The best podcasts you should listen to this week

Sara Blakely, inventor of Spanx

By Jaclyn Schiff and Simon Owens

Do you love listening to podcasts but are overwhelmed by the sheer number of choices out there? Have you subscribed to way more podcasts than you could ever listen to and don’t want to miss the best episodes? AudioTeller is a weekly newsletter that tells you the can’t-miss episodes you absolutely need to download. To have this newsletter delivered to your inbox, sign up here.

Let’s jump right into this week’s podcast recommendations:

From Jaclyn Schiff, AudioTeller co-editor:

The story behind the invention of Spanx [link]

The debut episode of NPR’s new How I Built This podcast features Sara Blakely discussing the fascinating history of how she came up with the idea for Spanx and then built the popular undergarment for women. Guy Raz hosts the show and gently guides Blakley to reveal her story. If you like the story-behind-the-story accounts, this episode — and probably this show in general — will greatly appeal to you. But don’t expect an in-depth deconstruction of the twists and turns in making Spanx into a recognized brand.

From Renan Borelli, director of audience growth and engagement at MTV News:

A media reporter interviews a media reporter about the media [link]

Peter Kafka, Senior Editor at Recode, is one of the news industry’s best media reporters. The Recode Media With Peter Kafka podcast is one of a select few shows about the media that asks tough questions of their guests (another being the Digiday Podcast with Brian Morrissey), and Kafka is a really knowledgeable interviewer who pulls no punches. Last week, he interviewed the host of CNN’s Reliable Sources, Brian Stelter, himself a top media reporter formerly of the New York Times and They discuss much of CNN’s controversial coverage of the 2016 election, with an emphasis on how the network covers Donald Trump and the hiring of Trump’s former campaign manager, Corey Lewandowski. Kafka asks the questions you’d die to ask someone at CNN, and to his credit, Stelter handles them with aplomb. Let’s hope Kafka gets CNN chief Jeff Zucker on the podcast sometime soon.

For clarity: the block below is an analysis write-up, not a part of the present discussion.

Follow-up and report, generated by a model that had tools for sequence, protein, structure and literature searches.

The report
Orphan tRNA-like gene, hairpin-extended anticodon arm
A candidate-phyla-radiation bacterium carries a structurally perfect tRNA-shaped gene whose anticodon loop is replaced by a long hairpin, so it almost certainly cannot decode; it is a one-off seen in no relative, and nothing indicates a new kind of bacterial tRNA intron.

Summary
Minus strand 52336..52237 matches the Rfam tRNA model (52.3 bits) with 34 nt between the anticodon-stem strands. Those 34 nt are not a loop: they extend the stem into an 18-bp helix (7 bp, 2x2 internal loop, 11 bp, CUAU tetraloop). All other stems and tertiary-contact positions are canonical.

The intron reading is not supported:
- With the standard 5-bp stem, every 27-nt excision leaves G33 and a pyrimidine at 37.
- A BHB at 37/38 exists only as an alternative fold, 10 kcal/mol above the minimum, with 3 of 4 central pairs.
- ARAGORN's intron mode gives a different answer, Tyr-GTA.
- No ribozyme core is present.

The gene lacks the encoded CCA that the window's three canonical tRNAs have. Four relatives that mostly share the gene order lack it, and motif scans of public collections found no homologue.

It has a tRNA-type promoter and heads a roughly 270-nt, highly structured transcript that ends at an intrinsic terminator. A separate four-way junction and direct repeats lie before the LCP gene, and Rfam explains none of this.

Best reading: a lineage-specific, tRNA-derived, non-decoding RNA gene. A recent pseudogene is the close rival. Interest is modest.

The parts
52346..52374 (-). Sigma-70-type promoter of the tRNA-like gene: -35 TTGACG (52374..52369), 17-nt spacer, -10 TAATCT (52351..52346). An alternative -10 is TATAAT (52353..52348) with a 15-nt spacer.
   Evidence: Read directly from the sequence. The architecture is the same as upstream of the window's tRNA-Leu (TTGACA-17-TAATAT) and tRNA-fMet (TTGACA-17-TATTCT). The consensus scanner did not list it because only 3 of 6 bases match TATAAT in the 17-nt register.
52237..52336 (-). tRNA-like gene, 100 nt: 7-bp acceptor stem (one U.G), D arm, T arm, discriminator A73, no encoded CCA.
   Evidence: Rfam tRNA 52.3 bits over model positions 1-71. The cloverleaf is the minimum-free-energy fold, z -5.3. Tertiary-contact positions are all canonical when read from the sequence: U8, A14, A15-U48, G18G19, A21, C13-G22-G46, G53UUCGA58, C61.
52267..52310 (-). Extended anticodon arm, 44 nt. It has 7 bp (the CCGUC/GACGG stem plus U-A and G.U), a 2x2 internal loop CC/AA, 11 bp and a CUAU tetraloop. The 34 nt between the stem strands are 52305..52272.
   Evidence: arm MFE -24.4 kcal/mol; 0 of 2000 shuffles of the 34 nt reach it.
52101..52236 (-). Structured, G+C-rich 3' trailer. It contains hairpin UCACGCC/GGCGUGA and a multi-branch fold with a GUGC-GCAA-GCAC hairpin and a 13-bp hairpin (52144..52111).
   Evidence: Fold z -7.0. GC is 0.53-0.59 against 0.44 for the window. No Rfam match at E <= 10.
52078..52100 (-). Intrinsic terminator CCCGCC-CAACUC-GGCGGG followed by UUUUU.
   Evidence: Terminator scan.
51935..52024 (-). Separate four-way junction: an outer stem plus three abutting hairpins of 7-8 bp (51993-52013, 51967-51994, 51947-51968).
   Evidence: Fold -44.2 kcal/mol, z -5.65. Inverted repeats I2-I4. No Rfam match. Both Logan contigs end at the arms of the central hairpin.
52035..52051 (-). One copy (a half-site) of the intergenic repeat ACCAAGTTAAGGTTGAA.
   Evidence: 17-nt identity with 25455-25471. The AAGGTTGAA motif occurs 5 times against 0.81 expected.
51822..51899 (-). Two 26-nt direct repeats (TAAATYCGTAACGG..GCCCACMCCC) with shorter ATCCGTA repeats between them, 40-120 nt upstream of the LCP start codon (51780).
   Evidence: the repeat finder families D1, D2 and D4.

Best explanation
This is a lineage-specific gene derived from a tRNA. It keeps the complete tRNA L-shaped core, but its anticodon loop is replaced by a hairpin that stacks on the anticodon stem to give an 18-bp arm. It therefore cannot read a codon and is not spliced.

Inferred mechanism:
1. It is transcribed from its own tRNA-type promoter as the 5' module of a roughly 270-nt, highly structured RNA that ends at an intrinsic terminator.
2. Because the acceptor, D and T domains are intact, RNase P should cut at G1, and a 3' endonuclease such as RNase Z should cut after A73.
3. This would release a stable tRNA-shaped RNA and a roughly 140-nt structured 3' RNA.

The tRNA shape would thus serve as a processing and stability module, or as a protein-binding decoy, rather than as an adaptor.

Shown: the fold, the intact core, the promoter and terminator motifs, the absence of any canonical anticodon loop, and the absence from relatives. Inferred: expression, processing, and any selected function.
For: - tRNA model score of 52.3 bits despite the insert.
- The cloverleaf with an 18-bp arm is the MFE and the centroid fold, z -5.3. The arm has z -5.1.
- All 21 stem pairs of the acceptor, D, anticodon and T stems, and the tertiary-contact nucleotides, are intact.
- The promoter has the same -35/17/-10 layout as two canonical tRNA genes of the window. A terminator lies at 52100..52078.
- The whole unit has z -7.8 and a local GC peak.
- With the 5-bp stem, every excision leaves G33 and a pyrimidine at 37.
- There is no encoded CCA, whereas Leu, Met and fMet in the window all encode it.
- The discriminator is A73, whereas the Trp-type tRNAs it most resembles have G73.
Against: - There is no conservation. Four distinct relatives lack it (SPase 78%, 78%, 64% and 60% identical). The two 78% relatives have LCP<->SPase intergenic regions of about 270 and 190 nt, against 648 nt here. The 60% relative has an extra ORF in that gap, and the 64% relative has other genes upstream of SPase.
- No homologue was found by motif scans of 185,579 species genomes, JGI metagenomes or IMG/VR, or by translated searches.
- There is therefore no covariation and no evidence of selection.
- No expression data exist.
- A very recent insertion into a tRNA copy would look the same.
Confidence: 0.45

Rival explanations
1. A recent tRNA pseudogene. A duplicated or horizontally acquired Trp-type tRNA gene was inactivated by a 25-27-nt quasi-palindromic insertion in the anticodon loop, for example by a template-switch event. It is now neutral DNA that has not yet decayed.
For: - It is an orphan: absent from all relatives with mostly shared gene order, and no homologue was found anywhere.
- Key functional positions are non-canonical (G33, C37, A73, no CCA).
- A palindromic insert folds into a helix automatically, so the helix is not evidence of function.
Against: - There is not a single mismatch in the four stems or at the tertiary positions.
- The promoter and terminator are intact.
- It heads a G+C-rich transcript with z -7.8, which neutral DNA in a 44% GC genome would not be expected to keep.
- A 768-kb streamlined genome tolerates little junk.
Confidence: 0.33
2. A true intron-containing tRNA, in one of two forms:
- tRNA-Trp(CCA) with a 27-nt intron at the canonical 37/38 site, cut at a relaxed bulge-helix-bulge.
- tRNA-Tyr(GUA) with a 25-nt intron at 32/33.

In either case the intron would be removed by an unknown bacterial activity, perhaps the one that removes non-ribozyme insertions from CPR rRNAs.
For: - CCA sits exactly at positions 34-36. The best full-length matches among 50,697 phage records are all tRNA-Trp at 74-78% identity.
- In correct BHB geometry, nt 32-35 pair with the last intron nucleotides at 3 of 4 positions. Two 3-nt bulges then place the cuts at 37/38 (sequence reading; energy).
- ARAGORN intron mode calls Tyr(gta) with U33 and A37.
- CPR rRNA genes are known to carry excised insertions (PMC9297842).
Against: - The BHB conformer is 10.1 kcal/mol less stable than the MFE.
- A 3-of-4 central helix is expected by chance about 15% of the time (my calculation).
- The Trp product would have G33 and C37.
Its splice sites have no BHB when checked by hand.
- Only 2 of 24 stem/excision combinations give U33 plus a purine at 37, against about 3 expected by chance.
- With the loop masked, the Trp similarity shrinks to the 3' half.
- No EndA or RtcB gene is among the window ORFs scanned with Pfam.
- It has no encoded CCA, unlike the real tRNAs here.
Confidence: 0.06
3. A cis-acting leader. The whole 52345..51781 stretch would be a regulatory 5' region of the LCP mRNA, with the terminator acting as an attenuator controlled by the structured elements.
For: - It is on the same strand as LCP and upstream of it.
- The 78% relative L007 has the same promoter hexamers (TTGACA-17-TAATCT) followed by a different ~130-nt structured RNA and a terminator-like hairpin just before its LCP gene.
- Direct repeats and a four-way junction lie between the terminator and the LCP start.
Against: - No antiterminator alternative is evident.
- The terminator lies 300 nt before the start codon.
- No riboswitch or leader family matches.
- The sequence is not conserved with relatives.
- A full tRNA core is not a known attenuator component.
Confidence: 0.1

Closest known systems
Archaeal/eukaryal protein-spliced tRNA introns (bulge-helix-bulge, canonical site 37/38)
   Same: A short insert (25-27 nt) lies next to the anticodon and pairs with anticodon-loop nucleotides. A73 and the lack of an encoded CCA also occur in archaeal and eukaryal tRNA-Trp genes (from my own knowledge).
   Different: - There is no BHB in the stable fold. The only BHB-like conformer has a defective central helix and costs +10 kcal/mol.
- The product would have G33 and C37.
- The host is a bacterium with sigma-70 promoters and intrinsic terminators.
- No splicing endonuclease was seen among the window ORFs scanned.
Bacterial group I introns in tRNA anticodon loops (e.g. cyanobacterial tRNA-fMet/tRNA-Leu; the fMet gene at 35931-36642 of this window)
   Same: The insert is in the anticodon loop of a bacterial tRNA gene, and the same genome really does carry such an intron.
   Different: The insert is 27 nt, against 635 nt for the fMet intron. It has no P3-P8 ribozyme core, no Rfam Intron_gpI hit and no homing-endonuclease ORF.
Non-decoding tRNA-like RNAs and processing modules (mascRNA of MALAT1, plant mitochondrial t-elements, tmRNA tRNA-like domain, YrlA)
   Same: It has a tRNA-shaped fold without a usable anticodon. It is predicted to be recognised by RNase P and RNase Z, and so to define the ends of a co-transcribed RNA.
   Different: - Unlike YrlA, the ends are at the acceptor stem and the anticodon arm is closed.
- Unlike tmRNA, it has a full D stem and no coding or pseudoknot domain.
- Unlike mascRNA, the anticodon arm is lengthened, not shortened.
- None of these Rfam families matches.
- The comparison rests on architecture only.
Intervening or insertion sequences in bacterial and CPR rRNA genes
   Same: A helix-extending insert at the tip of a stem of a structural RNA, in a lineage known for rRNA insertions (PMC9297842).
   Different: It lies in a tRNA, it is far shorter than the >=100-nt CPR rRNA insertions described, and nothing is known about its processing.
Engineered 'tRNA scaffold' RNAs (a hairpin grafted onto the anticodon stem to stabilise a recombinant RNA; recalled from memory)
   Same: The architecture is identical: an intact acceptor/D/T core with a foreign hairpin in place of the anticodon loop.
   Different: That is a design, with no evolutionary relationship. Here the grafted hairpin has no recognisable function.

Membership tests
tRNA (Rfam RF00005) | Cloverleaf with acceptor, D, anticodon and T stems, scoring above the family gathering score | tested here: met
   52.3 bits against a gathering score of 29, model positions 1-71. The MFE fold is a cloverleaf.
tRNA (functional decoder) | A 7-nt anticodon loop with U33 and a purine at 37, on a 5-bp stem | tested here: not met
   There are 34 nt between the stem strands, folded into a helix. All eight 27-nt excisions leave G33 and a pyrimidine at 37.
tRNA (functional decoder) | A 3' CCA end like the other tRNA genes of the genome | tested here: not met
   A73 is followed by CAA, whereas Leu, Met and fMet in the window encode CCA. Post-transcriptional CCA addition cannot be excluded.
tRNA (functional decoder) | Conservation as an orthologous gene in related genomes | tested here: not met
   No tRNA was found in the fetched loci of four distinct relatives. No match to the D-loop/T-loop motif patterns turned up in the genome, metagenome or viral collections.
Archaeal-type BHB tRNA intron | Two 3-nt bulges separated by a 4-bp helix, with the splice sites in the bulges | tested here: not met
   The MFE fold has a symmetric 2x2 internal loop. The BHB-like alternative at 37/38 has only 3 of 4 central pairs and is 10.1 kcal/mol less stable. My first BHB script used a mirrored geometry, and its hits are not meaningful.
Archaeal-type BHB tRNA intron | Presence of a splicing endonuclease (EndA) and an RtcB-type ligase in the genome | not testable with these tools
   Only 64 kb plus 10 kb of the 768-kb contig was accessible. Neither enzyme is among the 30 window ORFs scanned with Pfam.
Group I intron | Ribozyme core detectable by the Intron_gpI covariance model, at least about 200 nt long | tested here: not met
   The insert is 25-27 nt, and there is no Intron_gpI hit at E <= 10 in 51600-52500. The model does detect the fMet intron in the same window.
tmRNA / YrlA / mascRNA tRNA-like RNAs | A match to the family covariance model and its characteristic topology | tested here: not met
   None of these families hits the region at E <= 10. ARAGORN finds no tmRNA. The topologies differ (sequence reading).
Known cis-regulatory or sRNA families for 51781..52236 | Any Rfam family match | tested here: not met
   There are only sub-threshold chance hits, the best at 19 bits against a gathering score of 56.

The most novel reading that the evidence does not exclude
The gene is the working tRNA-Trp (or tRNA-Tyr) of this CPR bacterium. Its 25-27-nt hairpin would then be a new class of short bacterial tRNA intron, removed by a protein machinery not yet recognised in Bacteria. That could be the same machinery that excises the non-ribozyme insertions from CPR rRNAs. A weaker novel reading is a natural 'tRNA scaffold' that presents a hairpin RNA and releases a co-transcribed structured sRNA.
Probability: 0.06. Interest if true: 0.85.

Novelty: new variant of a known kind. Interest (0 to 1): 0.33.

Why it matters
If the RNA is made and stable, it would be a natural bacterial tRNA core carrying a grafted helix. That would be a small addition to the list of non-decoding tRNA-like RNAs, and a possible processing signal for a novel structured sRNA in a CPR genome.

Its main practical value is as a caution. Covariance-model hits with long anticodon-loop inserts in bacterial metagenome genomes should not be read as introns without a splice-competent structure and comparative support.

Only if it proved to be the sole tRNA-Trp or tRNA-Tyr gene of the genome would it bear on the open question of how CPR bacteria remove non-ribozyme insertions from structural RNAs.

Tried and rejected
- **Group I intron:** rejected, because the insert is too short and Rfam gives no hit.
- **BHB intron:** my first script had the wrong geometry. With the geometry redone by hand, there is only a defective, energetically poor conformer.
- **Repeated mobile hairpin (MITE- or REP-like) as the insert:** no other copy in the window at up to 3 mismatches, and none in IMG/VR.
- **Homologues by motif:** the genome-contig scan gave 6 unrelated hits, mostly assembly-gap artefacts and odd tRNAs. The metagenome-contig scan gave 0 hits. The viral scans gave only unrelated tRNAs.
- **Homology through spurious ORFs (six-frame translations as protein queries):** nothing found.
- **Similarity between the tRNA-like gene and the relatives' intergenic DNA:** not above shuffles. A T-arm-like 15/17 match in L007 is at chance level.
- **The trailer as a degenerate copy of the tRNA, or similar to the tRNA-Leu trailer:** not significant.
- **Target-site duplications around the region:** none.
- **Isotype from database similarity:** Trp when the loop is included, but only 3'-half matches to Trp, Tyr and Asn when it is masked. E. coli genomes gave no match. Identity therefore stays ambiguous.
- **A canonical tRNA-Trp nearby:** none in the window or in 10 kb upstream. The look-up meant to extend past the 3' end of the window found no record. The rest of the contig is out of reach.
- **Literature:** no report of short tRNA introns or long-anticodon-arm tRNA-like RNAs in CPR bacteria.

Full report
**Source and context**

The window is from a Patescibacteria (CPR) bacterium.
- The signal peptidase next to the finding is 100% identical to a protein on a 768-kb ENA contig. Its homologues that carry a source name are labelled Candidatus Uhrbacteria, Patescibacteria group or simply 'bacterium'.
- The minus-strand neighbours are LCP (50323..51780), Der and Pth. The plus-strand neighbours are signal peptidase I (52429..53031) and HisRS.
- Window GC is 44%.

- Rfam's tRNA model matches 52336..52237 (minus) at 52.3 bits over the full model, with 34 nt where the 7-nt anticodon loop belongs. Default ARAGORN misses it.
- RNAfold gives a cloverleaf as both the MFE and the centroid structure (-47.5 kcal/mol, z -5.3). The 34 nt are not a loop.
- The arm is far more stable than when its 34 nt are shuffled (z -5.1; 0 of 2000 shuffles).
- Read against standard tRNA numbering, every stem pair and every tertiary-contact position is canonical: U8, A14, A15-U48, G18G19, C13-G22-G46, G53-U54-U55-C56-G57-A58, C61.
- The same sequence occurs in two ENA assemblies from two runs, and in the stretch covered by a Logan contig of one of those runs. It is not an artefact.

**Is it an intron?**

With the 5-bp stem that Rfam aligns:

From Michele Cox, neuroscience PhD student at Vanderbilt University

A tale of two Sonias [link]

While the host of Death, Sex & Money in on maternity leave, guests are hosting the show. The team asked past interviewees to interview someone they’ve always wanted to talk to. In this episode, Sonia Manzano, a.k.a. Maria from Sesame Street, interviews Justice Sonia Sotomayor. Both Sonias grew up in the Bronx and apparently hated their first names. It’s a joy listening to the two women connect over their shared experiences, laugh about life, and really get into the hard stuff — losing family members to drugs and alcohol, feeling insecure in the face of success.

Bonus: While I was working on this week’s recommendation, “David from the IRS” called to inform me that the “IRS has issued a warrant for my arrest.” I might have freaked out were it not for a Planet Money podcast I had heard back in May.

Would you use time travel to solve and prevent crime? [link]